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Family of Houseless Woman Files Wrongful Death Complaint Against Sweeps Contractor

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by Alex Zielinski

A Rapid Response Bio-Clean truck parked near a Southeast Portland homeless encampment.

A Rapid Response Bio-Clean truck parked near a Southeast Portland homeless encampment. Alex Zielinski

The family of Debby Ann Beaver, a Portland woman who died while living unhoused in 2019, has filed a lawsuit against Rapid Response Bio-Clean, the city contractor hired to clear homeless encampments. The wrongful death suit accuses Rapid Response of confiscating Beaver’s medication during a camp sweep, leading to her death a week later.

According to the lawsuit, filed by Michael Fuller on Wednesday afternoon, Rapid Response staff took Beaver’s medication on July 16, when the contractors were clearing the camp where she was living near the corner of SE 35th and SE Yamhill, bordering Sunnyside School. This medication was used to “treat symptoms from seizures due to a head injury, high blood pressure and diabetes,” the suit claims. It goes on to pin Beaver’s death on Rapid Response, because the contractor did not return her medication.

“Ms. Beaver’s loss of life was avoidable, and was a reasonably foreseeable result of Rapid Response’s wrongful behavior,” the lawsuit reads.

Beaver was found dead on July 24, 2019, at the same campsite location. Her body was first discovered by Rapid Response staff, who were conducting another clean-up. Beaver’s death certificate alleges that Beaver died from an “accident caused by illicit substances,” according to Fuller. Yet, Fuller added in an email to the Mercury, “It’s unclear whether the certifier was aware that Ms. Beaver was without her medication.”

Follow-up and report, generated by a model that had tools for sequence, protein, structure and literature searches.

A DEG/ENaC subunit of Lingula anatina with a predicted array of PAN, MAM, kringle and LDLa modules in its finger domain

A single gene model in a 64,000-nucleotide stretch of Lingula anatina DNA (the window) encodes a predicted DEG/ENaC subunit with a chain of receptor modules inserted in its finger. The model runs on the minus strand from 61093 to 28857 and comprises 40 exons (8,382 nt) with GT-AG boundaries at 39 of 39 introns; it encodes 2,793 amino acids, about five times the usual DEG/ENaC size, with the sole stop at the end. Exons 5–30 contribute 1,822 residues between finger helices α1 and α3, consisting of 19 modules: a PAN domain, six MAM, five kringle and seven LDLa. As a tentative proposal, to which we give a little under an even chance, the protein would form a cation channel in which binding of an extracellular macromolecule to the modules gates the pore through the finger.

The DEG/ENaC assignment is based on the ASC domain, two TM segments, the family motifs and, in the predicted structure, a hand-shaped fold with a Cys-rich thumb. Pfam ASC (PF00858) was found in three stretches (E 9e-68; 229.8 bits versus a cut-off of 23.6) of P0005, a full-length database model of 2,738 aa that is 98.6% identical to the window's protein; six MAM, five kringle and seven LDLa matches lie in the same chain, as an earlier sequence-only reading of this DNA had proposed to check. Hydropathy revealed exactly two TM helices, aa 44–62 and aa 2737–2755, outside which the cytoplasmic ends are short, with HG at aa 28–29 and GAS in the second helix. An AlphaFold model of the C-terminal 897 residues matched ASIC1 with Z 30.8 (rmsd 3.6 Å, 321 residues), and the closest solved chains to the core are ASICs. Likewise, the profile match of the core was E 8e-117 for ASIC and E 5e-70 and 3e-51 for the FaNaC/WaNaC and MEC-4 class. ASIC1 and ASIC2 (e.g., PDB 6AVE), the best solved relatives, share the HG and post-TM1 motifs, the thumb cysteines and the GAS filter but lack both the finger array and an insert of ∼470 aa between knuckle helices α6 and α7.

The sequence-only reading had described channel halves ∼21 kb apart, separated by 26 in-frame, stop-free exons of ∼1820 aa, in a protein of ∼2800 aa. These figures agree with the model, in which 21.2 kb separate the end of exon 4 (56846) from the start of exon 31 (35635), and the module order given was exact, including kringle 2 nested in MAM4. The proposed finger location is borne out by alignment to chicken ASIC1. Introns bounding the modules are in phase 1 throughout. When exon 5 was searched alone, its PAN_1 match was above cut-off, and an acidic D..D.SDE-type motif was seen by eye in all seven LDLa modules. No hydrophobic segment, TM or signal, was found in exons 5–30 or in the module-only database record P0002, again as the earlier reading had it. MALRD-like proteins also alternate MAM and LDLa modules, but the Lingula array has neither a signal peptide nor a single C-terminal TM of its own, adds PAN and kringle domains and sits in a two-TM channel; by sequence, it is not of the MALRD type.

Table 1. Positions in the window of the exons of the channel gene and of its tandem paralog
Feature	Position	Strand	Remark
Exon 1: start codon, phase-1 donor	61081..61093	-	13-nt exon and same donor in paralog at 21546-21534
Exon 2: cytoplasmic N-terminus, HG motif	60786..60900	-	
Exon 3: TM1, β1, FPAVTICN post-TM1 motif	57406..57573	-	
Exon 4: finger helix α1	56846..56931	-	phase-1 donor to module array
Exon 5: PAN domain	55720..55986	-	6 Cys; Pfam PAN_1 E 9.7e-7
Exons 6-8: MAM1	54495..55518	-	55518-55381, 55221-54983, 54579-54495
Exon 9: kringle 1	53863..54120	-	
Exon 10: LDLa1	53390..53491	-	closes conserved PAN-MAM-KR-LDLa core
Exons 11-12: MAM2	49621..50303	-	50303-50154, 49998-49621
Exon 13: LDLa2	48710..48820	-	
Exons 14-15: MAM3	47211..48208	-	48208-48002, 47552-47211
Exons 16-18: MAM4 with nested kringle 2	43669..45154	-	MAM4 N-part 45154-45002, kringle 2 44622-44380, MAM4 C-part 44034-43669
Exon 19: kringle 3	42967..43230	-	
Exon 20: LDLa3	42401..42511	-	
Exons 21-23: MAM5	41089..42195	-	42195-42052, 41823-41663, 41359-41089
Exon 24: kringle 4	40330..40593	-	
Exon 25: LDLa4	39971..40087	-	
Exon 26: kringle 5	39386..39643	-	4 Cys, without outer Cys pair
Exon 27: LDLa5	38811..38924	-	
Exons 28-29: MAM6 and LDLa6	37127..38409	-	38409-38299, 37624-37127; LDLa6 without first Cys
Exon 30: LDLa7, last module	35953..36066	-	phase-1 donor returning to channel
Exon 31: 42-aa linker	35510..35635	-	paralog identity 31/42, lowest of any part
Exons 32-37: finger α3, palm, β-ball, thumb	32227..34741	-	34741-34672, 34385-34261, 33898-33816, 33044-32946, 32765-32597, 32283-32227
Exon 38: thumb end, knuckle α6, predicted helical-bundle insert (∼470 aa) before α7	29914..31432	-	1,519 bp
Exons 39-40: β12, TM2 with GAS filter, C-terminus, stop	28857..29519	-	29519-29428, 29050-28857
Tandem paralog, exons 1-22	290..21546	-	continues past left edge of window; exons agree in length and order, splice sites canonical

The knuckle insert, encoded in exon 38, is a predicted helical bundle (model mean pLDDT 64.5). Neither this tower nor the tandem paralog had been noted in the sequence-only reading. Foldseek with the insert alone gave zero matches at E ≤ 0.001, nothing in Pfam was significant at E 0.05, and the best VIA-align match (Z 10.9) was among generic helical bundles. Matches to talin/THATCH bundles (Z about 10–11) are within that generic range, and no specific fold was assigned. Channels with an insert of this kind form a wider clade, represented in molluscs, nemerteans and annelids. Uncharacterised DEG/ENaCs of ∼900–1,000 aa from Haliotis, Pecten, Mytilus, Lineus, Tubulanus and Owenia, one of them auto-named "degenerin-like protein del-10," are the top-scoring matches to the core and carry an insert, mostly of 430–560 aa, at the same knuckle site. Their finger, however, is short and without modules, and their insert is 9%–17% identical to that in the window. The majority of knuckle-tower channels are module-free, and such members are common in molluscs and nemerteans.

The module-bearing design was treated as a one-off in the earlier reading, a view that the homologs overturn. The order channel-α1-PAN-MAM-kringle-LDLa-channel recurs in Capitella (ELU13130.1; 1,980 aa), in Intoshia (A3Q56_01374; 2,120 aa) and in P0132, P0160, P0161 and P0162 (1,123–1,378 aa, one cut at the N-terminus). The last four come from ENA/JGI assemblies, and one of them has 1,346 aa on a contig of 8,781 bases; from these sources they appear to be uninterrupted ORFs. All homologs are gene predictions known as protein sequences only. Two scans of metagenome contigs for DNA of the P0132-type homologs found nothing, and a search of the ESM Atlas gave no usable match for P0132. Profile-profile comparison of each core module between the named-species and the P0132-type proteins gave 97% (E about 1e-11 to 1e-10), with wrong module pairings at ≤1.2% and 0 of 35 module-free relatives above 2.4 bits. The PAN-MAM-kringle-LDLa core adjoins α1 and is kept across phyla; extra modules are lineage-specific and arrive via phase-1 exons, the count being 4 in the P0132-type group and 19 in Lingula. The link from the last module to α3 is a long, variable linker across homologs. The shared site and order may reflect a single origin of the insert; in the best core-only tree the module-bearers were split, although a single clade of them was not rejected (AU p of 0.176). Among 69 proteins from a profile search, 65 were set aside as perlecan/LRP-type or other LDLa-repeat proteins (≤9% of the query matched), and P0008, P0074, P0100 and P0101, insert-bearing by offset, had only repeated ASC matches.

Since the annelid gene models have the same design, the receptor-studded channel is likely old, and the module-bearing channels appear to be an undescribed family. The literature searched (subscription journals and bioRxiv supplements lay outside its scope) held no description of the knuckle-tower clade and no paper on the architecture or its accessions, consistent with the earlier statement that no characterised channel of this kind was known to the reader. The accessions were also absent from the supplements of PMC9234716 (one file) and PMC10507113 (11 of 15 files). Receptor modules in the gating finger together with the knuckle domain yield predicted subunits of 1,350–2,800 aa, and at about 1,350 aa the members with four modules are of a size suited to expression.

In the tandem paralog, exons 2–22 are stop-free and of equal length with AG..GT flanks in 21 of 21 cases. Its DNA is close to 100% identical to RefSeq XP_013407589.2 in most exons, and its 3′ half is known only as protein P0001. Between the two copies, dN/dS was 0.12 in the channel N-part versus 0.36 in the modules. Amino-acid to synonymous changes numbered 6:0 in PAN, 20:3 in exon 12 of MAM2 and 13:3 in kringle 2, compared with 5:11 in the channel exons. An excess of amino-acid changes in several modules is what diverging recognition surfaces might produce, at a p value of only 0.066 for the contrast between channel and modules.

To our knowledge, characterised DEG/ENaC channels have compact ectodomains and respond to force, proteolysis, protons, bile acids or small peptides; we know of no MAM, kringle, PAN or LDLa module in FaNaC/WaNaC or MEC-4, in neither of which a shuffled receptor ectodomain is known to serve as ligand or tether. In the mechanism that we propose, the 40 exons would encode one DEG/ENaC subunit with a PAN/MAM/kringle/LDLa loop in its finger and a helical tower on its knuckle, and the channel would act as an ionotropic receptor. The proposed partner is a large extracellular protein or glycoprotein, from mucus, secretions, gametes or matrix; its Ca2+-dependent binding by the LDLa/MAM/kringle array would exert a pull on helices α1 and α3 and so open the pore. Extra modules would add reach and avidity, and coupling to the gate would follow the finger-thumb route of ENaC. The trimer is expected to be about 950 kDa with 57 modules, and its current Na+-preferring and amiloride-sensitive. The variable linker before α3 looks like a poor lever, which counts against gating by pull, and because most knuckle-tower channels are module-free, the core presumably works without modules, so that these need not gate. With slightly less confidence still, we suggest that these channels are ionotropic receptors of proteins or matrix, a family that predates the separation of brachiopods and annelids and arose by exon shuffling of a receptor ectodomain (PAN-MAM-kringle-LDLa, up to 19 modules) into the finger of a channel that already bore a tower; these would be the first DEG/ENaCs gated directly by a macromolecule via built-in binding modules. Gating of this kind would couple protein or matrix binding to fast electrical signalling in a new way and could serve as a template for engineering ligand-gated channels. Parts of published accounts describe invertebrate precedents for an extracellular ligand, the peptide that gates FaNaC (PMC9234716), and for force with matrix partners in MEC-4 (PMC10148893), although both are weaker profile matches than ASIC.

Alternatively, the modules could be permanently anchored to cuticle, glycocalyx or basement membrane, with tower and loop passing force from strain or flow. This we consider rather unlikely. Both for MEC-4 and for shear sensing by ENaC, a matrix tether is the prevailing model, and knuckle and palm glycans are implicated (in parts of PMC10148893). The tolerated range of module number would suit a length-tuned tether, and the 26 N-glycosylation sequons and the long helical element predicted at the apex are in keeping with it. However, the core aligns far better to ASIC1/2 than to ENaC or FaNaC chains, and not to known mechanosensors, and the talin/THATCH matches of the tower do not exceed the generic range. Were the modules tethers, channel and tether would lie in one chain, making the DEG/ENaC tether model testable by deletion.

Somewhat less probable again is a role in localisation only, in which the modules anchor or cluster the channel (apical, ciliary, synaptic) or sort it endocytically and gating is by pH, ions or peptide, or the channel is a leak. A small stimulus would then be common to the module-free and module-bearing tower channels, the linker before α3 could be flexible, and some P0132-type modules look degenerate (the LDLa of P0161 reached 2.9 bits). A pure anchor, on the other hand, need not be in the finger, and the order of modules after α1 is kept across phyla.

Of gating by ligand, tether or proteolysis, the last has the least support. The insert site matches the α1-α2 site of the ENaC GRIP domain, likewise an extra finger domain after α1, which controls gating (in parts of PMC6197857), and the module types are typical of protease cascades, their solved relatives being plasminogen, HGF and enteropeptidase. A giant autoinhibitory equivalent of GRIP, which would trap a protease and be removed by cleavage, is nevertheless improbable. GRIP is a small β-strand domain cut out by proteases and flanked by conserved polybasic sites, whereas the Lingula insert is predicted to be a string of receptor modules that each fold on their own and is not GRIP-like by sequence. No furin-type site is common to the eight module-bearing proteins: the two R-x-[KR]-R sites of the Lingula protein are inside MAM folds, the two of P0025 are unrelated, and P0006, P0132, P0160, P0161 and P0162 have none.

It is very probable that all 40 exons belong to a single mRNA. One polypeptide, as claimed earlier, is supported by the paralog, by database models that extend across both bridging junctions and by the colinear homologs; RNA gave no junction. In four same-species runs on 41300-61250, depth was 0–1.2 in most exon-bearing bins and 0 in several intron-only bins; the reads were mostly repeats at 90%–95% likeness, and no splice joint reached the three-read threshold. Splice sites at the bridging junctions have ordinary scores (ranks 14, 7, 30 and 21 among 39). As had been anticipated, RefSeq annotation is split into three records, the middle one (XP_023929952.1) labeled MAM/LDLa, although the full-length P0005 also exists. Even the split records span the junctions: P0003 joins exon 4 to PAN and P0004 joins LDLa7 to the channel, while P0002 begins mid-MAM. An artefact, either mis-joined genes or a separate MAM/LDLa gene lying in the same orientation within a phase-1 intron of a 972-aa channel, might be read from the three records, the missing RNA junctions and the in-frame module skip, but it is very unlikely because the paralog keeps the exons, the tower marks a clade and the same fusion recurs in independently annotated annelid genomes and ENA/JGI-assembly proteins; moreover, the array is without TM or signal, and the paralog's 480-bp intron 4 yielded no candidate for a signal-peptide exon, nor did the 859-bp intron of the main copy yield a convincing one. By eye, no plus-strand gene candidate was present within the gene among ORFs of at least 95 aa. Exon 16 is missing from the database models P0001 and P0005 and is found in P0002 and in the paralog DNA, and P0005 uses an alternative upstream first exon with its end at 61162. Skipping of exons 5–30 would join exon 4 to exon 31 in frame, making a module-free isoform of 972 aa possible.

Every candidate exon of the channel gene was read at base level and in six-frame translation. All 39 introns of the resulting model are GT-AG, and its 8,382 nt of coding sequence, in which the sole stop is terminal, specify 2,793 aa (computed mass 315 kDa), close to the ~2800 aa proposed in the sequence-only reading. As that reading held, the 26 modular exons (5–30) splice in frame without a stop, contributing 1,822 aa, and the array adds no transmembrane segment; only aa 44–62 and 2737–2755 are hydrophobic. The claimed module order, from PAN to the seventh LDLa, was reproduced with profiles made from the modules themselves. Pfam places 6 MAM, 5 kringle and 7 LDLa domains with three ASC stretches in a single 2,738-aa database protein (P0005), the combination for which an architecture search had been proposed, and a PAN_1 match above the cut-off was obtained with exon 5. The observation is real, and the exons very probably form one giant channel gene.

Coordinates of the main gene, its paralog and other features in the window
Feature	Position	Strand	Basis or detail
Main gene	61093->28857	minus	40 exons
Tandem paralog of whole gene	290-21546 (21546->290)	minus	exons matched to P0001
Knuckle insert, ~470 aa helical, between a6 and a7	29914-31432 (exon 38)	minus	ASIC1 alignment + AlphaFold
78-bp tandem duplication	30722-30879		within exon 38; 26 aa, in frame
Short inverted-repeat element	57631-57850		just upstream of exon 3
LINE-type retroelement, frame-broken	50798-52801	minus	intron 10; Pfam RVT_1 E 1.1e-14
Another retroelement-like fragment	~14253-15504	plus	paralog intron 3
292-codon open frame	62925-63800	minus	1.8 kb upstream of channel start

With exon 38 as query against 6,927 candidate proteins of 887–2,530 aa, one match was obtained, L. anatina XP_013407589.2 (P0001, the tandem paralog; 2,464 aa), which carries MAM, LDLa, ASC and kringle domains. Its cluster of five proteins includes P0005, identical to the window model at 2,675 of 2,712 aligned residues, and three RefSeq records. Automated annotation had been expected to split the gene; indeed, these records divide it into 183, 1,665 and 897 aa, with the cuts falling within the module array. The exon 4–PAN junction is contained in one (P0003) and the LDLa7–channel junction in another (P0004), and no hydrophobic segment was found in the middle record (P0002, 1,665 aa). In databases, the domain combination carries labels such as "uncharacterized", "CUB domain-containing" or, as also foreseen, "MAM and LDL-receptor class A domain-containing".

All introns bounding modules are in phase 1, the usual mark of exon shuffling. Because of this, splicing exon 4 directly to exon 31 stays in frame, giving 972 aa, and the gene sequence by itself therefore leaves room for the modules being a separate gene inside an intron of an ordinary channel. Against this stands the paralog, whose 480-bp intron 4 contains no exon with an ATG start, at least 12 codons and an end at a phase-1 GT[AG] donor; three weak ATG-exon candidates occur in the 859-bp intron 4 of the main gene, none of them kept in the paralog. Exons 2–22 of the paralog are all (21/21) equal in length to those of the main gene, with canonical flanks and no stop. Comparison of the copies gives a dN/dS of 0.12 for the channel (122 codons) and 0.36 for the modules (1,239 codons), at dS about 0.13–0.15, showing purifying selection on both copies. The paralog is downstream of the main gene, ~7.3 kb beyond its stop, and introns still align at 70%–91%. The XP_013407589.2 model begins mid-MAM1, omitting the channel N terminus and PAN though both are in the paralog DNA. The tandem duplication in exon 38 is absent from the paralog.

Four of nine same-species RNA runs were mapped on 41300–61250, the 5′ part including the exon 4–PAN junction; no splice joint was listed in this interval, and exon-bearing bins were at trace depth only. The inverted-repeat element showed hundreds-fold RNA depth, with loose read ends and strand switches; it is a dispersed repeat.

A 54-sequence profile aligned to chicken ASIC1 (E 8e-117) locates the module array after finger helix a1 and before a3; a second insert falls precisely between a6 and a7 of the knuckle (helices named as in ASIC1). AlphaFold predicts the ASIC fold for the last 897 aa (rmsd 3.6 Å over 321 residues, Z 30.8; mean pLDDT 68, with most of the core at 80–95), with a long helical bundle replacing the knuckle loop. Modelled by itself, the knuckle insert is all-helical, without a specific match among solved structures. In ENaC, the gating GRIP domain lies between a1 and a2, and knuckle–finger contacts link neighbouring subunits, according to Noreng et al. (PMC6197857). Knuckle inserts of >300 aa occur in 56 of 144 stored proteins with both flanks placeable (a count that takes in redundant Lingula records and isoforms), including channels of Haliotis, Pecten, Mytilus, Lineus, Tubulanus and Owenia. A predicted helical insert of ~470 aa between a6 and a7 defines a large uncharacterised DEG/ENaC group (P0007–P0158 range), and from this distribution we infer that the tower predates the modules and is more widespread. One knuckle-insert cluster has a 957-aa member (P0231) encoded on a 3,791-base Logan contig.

While the city hasn’t formally responded to the lawsuit, it has shared data that contradicts the suit’s narrative. According to Heather Hafer, a spokesperson for the city department that oversees Rapid Response’s work, Rapid Response staff did not sweep the SE 35th and SE Yamhill campsite on July 16. Hafer said city staff visited the campsite on the 16th to post a notice that the camp was going to be swept—a mandatory step in the city’s camp cleanup protocol. But, Hafer said, city records show Rapid Response only came to Beaver’s campsite on July 24 to clear the area—which is when Rapid Response staff allegedly found Beaver’s body.

Portland attorney Kelly Jones is the plaintiff in this case, as she was assigned to legally represent Beaver’s estate by Beaver’s husband Scott Rupp. The lawsuit requests a jury trial and $45,000 from Rapid Response to make up for both economic and emotional losses.

The city was aware that this lawsuit was on the horizon. Fuller first indicated his intent to file this lawsuit on July 28, a day before Rapid Response was scheduled to sweep a large homeless encampment in Laurelhurst Park.

“My intent is to get relief for this family,” Fuller told the Mercury on July 29. “A mother is dead and a wife is dead… and it doesn’t have to be that way.”

Fuller is involved in another case regarding the city’s homeless sweep process. Fuller is one of several attorneys representing unhoused Portlanders in a class action lawsuit against the city, which accuses the city of losing or discarding personal property during campsite sweeps.

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